This extra energy, obtained by packing the ions together, is known as the lattice energy. The size of the ions, as well as their packing, affects the lattice energy. The highest lattice energies are found in crystals containing close-packed arrangements of small ions e.
Structures, Wiley, , Figs. TABLE 2. The stable packing is now octahedral, which remains stable until R. Above R. Top view a Cubic c Tetrahedral The relationships of these packing geometries to crystal structure are shown in Fig. The structure can be considered as interpenetrating lattices of cations and anions. Alternatively, we can think of the cations and anions collectively occupying a single lattice site.
Jons of Different Charge The preceding discussion has been concerned with the effects of differing atomic size, while each anion and cation has the same charge. When the charges are not the Sec. Figure 2. Consider the simplest case of calcium fluoride CaF2 , where there must be twice as many F" ions as ca: The simple cubic packing arrangement is modified to accommodate the extra fluoride ions.
It has a coordination number of 6 in an octahedral arrangement, in which the hydroxide ions are in a close-packed hexagonal array with the calcium ions in the octahedral holes Fig. However, every second layer of octahedral holes is unoccupied to maintain electroneutrality.
As a result, the hydroxide ions on either side of this plane are not held together by strong ionic forces, but only weak van der Waals secondary attractions.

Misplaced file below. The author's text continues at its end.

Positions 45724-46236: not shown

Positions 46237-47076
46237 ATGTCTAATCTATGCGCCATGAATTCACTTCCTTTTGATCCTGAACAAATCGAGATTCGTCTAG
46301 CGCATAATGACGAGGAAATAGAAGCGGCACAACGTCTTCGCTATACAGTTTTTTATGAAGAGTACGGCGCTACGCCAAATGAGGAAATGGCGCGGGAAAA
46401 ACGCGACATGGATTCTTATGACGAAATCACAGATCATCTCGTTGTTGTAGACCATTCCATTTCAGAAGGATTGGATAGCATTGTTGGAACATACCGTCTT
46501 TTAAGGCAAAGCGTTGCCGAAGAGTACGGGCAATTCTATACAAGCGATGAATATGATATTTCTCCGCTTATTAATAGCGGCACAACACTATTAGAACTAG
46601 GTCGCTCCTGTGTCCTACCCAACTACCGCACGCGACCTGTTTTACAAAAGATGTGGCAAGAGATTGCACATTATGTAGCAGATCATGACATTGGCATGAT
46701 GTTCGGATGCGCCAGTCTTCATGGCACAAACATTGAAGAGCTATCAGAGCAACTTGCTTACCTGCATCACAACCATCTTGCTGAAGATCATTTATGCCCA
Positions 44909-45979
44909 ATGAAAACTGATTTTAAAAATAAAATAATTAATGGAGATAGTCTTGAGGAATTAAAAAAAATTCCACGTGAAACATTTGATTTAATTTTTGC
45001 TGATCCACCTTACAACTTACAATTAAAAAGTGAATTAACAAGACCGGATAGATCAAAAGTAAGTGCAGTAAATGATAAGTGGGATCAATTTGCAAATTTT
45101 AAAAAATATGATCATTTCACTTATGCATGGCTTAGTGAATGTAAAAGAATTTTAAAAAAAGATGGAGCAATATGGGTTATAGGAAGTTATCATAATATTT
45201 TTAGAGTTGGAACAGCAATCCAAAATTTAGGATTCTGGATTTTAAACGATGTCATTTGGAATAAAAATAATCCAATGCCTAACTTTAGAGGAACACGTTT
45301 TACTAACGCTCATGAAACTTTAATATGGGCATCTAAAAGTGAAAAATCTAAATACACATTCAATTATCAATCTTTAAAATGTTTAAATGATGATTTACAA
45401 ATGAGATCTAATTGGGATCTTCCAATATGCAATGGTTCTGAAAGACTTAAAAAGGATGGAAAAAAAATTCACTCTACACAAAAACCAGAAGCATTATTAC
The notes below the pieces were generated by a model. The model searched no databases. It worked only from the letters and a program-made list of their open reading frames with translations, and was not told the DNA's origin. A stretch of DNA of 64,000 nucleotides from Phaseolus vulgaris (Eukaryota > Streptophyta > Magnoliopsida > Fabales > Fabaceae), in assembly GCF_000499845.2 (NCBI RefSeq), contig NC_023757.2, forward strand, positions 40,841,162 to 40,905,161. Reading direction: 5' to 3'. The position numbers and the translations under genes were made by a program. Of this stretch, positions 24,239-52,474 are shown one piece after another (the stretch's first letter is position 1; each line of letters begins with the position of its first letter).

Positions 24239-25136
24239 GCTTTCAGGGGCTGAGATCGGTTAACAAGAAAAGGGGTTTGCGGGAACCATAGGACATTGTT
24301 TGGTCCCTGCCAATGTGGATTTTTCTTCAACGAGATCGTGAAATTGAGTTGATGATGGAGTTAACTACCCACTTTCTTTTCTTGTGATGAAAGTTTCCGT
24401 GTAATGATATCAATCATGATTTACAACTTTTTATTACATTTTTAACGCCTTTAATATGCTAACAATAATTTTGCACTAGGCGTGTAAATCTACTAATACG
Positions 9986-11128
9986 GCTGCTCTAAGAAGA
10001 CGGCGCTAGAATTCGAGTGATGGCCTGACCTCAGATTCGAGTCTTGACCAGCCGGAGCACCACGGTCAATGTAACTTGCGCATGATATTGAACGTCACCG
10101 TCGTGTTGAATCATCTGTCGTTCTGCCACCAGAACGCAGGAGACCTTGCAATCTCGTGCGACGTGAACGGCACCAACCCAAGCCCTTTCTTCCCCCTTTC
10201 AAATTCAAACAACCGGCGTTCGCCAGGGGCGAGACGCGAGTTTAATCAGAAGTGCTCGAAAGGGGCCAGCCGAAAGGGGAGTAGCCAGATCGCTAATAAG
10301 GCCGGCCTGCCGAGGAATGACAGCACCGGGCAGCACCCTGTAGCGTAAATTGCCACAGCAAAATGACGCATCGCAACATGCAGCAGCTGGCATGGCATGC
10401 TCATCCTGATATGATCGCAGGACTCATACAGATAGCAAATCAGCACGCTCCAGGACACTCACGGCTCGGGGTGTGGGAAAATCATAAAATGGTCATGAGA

The crystal is therefore readily cleaved along this plane, as can be seen in fracture surfaces of portland cement binder.
This is an extreme example of crystal anisotropy: Most crystals show a degree of anisotropy Anisotropy is observed in ionic crystals but is most marked in covalent crystals, where directional bonds dominate.
Therefore, an alternate view of a crystal structure is to view it as a packed coordination polyhedra Figs. Structures, Wtley, , Fig. I, Academic Press, , Fig. This type of visualization becomes important at low coordination numbers e. A similar type of structure occurs for carbonates, sulfates, etc.
Fully two-dimensional silicate structures are sheet silicates, which are typified by clay minerals. Consider kaolinite, which is an HCP array of oxygen and hydroxide ions Fig. The charge and geometry of the two sheets match perfectly, and each polar sheet combination is bound to the a b c Figure 2.
Four oxygen atoms surround a silicon atom. Thus, kaolinite crystallizes as fiat sheets and is isotropic only in two dimensions: Kaolinite typifies a "two-layer" clay Fig. Clays crystallize as flat plates which cleave easily along the weakly bonded plane. Mica is well known in this regard in that it forms very large crystals.